Artistes Français he exhibited a series of jewels which attracted much
attention, among them--in addition to a beautiful necklace of wild grape
in enamel, diamonds, and emerald, in addition to various floral pendants
and neck ornaments in enamel and diamonds--a curious diadem,
representing cocks in gold and enamel fighting for possession of a
superb topaz. This was a real _tour de force_ in the way of execution.
Other beautiful things of his I know, particularly his _plaque de cou_
of geraniums, with the leaves in diamonds, the flowers in rubies, the
stems and buds in dark green enamel, the whole being at once rich and
sober in colouring and most harmoniously and flexibly composed.

M. Joé Descomps is a sound artist, whose efforts, laudable as they may
be, nevertheless lack boldness. He has imagination enough, but it looks
as though he feared to give it rein. With a little less timidity M.
Descomps would doubtless produce something more piquant and more fresh.

I greatly like the work of M. Charles Rivaud. It displays a love of
simplicity too often wanting in the productions of many of his fellow
artists. If his jewels recall--without imitating--the ornamental
jewellery of Egypt or Greece, those of primitive civilisations or those
sorts popular in Russia, I can see no harm in the fact. Better for him
and for us that he should turn to these inexhaustible springs than
become a mere imitator of other imitators of successful jewellers. His
rings and his necklaces, in which he is always careful to leave to the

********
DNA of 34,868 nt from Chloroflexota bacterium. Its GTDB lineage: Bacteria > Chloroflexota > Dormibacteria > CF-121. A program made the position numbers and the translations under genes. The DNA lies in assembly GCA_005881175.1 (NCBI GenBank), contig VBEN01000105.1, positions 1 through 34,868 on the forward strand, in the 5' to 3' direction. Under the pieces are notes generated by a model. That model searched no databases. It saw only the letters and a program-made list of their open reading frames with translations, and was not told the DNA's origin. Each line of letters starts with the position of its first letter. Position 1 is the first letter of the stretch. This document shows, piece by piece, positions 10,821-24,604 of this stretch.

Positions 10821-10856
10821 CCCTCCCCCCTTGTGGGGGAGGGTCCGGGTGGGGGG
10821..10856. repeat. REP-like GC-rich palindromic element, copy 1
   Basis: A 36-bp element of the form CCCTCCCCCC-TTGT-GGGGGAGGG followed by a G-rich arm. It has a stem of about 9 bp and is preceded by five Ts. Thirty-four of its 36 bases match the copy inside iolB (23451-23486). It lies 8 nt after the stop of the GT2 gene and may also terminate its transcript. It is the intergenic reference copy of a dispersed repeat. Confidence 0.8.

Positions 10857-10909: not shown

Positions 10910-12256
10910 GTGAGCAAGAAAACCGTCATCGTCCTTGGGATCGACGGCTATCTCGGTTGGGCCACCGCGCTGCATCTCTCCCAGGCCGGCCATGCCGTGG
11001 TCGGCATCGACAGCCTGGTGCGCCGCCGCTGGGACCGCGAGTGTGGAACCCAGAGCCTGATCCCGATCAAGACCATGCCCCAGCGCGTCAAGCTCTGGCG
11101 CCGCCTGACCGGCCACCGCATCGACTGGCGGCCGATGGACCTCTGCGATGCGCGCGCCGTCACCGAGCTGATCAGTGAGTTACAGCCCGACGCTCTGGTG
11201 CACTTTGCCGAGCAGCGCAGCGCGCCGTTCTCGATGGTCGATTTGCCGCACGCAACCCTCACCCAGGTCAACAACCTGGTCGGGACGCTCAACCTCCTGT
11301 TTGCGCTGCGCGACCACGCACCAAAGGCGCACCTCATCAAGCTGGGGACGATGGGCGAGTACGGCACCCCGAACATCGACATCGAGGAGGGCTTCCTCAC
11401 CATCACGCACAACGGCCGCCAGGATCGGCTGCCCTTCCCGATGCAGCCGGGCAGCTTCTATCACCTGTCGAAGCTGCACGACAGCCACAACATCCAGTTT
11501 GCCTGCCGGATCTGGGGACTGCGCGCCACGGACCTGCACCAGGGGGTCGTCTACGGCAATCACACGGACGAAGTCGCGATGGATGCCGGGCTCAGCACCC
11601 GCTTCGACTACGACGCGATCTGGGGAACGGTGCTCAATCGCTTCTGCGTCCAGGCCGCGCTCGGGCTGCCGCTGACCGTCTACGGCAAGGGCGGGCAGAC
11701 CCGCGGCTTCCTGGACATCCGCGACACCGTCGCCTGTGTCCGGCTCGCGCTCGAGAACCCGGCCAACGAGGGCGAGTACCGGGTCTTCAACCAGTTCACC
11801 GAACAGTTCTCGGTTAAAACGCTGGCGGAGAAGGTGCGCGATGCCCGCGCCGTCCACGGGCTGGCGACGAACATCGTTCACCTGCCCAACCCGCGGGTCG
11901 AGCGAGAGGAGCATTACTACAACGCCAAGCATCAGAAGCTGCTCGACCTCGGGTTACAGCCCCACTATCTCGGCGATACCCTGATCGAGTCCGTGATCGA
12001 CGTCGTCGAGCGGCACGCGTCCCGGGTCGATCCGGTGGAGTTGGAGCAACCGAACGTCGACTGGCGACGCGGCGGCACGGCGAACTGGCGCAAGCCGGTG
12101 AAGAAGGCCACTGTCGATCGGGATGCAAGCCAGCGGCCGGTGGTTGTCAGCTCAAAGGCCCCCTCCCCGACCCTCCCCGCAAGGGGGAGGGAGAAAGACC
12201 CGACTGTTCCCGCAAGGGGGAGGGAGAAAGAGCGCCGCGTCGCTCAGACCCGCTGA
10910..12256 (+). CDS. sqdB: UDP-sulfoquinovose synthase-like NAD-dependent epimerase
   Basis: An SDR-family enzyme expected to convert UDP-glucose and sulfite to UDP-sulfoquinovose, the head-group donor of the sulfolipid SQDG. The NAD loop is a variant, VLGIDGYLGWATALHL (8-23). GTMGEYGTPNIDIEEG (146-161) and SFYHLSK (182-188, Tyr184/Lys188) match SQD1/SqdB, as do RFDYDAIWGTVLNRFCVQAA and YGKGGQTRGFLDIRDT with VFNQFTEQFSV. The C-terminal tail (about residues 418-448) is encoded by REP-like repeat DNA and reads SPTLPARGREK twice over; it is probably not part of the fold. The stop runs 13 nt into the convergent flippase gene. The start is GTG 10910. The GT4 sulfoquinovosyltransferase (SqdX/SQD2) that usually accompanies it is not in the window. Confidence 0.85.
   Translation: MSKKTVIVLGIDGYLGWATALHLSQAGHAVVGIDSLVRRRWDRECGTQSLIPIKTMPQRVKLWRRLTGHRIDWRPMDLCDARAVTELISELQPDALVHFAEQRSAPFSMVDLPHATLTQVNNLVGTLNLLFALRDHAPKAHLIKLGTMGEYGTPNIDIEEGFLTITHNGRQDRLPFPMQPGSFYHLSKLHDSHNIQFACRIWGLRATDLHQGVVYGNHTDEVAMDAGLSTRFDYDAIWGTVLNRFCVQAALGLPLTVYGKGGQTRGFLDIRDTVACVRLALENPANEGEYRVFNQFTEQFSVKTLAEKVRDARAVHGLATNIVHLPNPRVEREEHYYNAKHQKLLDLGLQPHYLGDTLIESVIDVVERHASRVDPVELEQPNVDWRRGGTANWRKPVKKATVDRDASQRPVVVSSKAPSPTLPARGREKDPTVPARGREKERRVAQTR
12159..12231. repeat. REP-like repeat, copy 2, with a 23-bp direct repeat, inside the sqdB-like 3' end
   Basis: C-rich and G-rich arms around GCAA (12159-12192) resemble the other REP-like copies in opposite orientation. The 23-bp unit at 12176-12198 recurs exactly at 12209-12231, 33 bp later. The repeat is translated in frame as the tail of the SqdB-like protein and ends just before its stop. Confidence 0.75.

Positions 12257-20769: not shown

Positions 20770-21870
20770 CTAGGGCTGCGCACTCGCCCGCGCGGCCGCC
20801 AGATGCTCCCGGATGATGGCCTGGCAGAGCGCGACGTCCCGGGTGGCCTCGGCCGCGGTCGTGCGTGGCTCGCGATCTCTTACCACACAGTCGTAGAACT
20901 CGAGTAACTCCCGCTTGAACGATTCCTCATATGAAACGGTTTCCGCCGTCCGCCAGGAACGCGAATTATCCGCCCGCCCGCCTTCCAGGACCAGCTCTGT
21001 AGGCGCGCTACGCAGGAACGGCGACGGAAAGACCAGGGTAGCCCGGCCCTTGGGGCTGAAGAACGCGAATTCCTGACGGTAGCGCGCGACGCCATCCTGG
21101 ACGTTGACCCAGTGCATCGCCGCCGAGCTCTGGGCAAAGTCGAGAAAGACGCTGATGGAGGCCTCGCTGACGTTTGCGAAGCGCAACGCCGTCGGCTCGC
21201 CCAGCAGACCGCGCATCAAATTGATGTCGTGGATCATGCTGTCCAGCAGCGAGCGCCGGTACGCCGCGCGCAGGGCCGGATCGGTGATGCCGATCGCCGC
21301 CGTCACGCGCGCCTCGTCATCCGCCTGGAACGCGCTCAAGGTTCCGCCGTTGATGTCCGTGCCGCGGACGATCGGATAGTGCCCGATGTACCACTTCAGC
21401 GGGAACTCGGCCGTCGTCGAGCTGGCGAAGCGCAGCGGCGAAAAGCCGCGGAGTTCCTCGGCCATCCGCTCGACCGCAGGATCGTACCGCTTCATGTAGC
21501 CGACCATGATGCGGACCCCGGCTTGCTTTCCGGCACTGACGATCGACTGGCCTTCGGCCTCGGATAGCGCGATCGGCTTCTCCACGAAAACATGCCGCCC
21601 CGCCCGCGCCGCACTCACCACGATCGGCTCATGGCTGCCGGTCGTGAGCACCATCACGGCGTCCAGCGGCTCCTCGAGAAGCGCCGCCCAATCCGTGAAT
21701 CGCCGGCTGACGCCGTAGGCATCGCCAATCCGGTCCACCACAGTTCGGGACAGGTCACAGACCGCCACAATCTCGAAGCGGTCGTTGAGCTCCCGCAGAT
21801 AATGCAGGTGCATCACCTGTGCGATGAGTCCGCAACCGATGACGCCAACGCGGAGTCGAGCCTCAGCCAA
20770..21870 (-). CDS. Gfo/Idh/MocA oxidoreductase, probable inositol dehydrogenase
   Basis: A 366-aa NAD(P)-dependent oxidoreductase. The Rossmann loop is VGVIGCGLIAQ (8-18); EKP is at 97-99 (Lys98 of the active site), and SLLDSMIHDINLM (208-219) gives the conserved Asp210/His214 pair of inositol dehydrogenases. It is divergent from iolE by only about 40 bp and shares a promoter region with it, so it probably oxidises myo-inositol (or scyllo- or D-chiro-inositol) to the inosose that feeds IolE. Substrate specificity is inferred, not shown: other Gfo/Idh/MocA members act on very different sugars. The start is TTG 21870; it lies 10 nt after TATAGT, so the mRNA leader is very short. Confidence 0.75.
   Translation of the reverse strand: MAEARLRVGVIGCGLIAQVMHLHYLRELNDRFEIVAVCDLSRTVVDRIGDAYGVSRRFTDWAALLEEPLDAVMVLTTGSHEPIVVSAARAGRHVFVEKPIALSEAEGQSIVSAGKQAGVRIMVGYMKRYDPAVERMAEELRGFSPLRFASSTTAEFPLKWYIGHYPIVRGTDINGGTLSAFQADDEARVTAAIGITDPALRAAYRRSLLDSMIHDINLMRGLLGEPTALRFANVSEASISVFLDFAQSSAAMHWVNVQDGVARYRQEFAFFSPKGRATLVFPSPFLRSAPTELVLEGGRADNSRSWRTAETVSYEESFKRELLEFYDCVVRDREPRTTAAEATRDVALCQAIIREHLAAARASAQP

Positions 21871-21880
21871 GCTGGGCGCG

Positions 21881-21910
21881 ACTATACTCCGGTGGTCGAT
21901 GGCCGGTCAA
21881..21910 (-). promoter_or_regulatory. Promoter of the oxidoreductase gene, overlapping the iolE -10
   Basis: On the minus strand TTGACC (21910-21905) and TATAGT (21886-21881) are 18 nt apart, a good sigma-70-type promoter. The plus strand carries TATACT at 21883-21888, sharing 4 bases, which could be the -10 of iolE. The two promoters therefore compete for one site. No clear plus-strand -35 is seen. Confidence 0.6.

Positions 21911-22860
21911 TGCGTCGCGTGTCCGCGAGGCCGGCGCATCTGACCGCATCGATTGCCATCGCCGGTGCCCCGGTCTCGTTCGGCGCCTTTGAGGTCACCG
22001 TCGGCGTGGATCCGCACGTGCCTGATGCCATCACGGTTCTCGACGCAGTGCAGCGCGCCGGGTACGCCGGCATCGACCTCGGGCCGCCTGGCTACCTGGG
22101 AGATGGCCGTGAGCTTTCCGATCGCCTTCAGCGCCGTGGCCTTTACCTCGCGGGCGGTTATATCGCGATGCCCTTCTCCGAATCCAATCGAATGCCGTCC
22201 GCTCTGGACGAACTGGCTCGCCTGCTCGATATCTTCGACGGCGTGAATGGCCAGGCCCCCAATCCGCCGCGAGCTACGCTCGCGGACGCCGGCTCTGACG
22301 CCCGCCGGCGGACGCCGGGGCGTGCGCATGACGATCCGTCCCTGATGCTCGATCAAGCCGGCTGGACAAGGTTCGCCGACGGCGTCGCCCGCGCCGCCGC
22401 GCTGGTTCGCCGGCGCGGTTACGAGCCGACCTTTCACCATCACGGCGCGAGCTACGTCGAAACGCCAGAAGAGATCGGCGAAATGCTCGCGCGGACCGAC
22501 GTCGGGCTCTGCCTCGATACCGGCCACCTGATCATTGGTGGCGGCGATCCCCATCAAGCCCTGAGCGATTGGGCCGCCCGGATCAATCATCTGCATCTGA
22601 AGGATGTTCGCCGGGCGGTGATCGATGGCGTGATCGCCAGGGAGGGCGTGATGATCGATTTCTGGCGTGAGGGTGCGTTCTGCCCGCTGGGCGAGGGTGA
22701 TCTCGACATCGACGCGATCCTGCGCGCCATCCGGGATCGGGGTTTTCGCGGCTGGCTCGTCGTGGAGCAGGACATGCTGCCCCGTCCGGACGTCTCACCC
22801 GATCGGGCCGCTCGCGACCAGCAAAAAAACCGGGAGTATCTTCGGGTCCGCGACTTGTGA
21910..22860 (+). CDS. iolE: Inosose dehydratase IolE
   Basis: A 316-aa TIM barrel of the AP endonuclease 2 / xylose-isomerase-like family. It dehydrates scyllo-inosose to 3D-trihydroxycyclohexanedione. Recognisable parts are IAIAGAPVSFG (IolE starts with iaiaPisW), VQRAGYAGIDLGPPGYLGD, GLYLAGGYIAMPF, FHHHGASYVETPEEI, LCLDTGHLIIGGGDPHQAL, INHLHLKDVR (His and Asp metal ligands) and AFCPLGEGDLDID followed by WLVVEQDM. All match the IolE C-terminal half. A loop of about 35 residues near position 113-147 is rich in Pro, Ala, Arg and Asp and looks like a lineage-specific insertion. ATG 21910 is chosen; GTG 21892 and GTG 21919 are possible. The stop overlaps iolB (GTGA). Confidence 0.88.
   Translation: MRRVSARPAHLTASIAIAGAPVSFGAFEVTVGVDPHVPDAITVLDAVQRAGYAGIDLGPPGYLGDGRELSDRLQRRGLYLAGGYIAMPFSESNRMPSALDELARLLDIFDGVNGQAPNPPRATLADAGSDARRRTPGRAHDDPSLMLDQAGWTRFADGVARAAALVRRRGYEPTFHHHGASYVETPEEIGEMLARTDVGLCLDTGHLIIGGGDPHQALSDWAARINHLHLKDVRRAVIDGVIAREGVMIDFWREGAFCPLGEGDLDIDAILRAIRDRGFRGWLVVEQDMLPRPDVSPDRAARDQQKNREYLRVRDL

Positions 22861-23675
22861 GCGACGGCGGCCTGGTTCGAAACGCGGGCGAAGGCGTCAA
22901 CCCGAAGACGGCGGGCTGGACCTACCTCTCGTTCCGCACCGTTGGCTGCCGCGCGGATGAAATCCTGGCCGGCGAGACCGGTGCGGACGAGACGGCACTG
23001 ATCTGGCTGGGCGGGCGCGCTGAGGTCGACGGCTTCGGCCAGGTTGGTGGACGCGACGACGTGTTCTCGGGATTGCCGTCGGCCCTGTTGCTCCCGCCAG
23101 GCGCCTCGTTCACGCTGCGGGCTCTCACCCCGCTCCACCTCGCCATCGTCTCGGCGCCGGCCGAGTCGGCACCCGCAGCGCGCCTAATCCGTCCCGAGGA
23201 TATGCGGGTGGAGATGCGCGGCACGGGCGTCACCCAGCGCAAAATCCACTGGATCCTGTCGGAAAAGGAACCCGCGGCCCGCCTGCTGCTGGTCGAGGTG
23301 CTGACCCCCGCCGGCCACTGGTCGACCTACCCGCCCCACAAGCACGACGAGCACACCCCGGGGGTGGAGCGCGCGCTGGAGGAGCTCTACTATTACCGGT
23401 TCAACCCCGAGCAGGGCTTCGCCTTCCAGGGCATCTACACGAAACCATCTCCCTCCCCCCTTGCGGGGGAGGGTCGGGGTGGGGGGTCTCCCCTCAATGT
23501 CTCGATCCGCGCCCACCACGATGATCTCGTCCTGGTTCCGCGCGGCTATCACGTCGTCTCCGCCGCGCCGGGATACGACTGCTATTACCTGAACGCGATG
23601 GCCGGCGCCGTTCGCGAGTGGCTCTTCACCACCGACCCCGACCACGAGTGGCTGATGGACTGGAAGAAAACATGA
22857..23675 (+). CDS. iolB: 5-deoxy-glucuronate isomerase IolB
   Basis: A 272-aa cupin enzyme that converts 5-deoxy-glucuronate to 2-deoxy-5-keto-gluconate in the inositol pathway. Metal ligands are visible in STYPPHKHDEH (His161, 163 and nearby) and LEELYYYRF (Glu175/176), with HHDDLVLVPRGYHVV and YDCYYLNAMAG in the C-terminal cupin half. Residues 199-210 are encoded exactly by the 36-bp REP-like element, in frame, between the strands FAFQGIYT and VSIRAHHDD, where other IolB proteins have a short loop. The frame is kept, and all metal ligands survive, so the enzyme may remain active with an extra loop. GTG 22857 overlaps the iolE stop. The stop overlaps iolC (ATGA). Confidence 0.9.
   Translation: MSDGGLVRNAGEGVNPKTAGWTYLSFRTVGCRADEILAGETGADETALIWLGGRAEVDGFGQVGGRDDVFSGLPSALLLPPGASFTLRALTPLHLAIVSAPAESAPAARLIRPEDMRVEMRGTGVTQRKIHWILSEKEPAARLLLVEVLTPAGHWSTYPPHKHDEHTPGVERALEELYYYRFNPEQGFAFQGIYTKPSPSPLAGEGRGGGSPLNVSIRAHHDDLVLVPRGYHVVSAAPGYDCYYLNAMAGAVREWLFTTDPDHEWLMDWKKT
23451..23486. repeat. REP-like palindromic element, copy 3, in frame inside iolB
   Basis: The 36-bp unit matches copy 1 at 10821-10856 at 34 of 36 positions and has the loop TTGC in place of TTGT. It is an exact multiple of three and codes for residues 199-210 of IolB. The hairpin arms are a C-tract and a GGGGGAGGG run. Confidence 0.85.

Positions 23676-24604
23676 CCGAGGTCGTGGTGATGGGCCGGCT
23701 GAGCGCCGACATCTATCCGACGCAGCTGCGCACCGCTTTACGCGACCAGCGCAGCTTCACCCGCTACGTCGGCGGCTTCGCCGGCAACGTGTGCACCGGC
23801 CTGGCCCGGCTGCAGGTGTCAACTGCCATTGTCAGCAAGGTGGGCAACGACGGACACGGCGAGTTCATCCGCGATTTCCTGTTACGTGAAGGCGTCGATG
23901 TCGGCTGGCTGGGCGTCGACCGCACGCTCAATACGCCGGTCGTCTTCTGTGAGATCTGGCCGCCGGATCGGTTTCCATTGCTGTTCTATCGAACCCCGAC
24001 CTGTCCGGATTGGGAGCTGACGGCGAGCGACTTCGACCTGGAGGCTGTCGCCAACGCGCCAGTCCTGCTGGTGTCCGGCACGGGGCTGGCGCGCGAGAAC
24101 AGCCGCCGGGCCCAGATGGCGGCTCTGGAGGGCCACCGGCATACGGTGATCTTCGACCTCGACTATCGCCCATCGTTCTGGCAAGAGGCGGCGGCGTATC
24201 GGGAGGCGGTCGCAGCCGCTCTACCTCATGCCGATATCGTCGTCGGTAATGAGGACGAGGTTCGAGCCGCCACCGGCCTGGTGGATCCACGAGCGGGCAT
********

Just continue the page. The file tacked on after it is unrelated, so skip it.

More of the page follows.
materials employed all the natural charm they possess, are productions
which will please the artist rather than the _bourgeois_ and the "snob."
They are discreet and honest, never loud or eccentric.

No less interesting, in another way, are the jewels by M. Mangeant and
M. Jacquin. It is urged against them that they are crude, incomplete and
imperfect in execution. The truth is, these two artists--whom I bring
into conjunction, although their work is dissimilar, save from their
common regard for freedom in the use of materials--have, above all, a
love for natural forms. Out of a flower, a piece of seaweed, or any
humble _motif_, vegetable or animal, they construct jewels in gold or
oxidised silver, discreetly relieved by stones, which, if of no great
intrinsic value, are nevertheless highly decorative. M. Mangeant, with
mother-of-pearl and hammered _repoussé_ silver, has created charming
jewels, in which all the constructive parts have been intentionally left
visible. Professional jewellers shrug their shoulders at the sight of
these jewels, which bear so plainly the stamp of the hand that fashioned
them. Yet, in their _naïve_ rudeness, they appeal to me far more
forcibly than does the polychromatic tin-ware of so many highly-esteemed
producers.

M. Charles Boutet de Monvel, although gifted with a richer and subtler
imagination, may be included in this little group. In certain of his